I think it's easier to split this into its component parts, and consider them as separate entities: AES and CBC.
AES itself does not "basically consist of XORing together chunks of the block" - it's a much more complicated affair. Ignoring the internals of it for a moment, AES is considered secure in that without knowing the key, it's practically impossible to recover the plaintext or any information about the plaintext given only an encrypted block, or even in situations where you're given parts of the plaintext and you need to find the remainder. Without the key, AES might as well be a one-way function (and there are MAC schemes which rely upon this!). Discussing the technicalities around the security of AES and similar block ciphers is extremely involved and not something I can cover in an answer, but suffice to say that thousands of cryptographers have been looking at it for almost two decades and nobody has found anything remotely practical in terms of an attack.
The diagram you posted above describes CBC. Block ciphers, such as AES, aim to be secure for encrypting one block with a secret key. The problem is that we rarely want to just encrypt one block, but rather a data stream of indeterminate length. This is where block modes, like CBC, come into play.
Block modes aim to make ciphers secure for encrypting multiple blocks with the same key. The most simple block mode is ECB, which offers zero security in this regard. ECB involves independently encrypting each block with the same key, without any data fed between blocks. This leaks information in two ways: first, if you have two identical plaintext blocks, you'll get two identical ciphertext blocks if you use the same key; second, you'll get two identical ciphertext streams for two encryptions of the same message with the same key. This is a problem as it leaks information about the plaintext.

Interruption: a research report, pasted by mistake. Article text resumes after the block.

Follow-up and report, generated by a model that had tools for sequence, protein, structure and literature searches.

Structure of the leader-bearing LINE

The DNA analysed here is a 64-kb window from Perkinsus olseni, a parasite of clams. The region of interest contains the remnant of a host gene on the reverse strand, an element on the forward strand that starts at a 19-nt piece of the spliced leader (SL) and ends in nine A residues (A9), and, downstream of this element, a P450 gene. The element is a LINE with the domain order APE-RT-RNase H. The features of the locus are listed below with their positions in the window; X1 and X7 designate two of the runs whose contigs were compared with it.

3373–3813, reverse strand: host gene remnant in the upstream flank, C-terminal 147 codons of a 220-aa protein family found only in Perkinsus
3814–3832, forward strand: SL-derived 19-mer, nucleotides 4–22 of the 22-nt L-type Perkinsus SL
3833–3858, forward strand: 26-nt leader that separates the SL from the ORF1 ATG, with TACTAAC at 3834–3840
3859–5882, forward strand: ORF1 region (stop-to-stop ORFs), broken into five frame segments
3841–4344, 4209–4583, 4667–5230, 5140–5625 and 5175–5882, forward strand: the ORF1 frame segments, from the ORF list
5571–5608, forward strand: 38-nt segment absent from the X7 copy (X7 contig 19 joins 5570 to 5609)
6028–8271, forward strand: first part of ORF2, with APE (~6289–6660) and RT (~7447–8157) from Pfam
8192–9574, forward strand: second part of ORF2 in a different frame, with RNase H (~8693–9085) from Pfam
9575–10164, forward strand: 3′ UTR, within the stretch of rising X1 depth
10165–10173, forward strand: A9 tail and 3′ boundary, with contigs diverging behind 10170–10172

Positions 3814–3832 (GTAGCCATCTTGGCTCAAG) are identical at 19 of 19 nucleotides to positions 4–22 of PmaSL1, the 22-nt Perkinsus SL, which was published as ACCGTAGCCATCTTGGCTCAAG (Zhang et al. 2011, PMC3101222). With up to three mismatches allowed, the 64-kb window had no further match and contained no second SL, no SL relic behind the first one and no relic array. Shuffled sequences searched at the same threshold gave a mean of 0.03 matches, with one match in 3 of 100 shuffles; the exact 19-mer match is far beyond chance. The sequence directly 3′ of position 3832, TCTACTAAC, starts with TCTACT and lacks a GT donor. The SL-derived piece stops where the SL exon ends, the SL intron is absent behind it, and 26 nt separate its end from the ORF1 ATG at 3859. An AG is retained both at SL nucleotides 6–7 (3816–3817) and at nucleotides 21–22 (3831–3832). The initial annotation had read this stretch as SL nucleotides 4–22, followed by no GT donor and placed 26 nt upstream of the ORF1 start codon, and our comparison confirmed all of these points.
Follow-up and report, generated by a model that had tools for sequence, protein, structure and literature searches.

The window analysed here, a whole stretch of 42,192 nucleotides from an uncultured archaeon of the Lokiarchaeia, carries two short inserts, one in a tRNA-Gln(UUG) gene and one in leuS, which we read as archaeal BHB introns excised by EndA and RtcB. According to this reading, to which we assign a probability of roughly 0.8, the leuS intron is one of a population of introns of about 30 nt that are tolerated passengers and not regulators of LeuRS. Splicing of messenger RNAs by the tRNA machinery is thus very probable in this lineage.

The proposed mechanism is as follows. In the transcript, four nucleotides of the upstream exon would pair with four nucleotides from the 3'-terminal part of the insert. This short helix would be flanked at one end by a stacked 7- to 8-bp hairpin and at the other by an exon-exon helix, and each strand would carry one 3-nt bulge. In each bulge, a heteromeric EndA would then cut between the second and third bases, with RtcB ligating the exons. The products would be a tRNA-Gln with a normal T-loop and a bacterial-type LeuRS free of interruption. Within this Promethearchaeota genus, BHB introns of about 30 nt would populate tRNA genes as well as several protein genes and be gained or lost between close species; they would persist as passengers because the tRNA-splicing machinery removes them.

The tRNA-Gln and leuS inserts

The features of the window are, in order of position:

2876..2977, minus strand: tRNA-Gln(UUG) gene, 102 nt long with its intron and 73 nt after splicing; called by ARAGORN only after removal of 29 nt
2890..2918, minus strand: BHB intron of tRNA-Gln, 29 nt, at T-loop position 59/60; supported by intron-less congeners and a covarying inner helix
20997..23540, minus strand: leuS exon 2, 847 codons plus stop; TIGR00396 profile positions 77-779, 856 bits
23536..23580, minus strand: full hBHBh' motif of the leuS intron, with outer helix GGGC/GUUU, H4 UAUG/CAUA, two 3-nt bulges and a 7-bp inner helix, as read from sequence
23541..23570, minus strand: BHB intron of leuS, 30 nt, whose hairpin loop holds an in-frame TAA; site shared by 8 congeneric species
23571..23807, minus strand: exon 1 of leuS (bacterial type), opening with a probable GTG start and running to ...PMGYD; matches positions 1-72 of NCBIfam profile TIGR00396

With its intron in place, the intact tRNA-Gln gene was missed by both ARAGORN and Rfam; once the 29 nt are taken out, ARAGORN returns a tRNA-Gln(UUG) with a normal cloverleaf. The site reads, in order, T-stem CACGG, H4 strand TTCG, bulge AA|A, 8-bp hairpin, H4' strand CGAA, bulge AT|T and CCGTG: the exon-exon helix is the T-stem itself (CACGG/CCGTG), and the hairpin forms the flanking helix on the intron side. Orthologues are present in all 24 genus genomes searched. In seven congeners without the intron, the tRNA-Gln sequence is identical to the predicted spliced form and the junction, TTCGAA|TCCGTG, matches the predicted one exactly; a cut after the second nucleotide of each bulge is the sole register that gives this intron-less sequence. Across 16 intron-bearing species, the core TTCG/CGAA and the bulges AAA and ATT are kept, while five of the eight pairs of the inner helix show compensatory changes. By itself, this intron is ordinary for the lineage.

CBC solves this problem by introducing a "cascading" effect. Each plaintext block is xor'ed with the previous ciphertext block, resulting in originally equal plaintext blocks no longer being equal at the encryption step, thus no longer producing equal ciphertext blocks. For the first plaintext block, there is no previous ciphertext block (you haven't encrypted anything yet), and this is where the IV comes in. Consider, for a moment, what would happen if instead of an IV we just used zeroes for the -1th block (i..e the imaginary ciphertext block "before" the first plaintext block). While the cascade effect would make equal plaintext blocks produce different ciphertext blocks, the same entire message would cascade the same way each time, resulting in an identical ciphertext when the same full message is encrypted multiple times with the same key. The IV solves this. By picking a unique IV, no two ciphertexts are ever the same, regardless of whether the plaintext message being encrypted is the same or different each time.
This should, hopefully, help you understand why the IV doesn't need to be secret. Knowing the IV doesn't get an attacker anywhere, because the IV is only there to ensure non-equality of ciphertexts. The secret key is what protects the actual data.
To emphasise this even further, you don't even need the IV to decrypt all but the very first block. The decryption process for CBC works in reverse: decrypt a block using the secret key, then xor the result with the previous ciphertext block. For all but the very first block, you know the previous ciphertext block (you've got the ciphertext) so decryption is just a case of knowing the key. The only case where you need the IV for decryption is the very first encrypted block, where the previous ciphertext block is imaginary and replaced with the IV.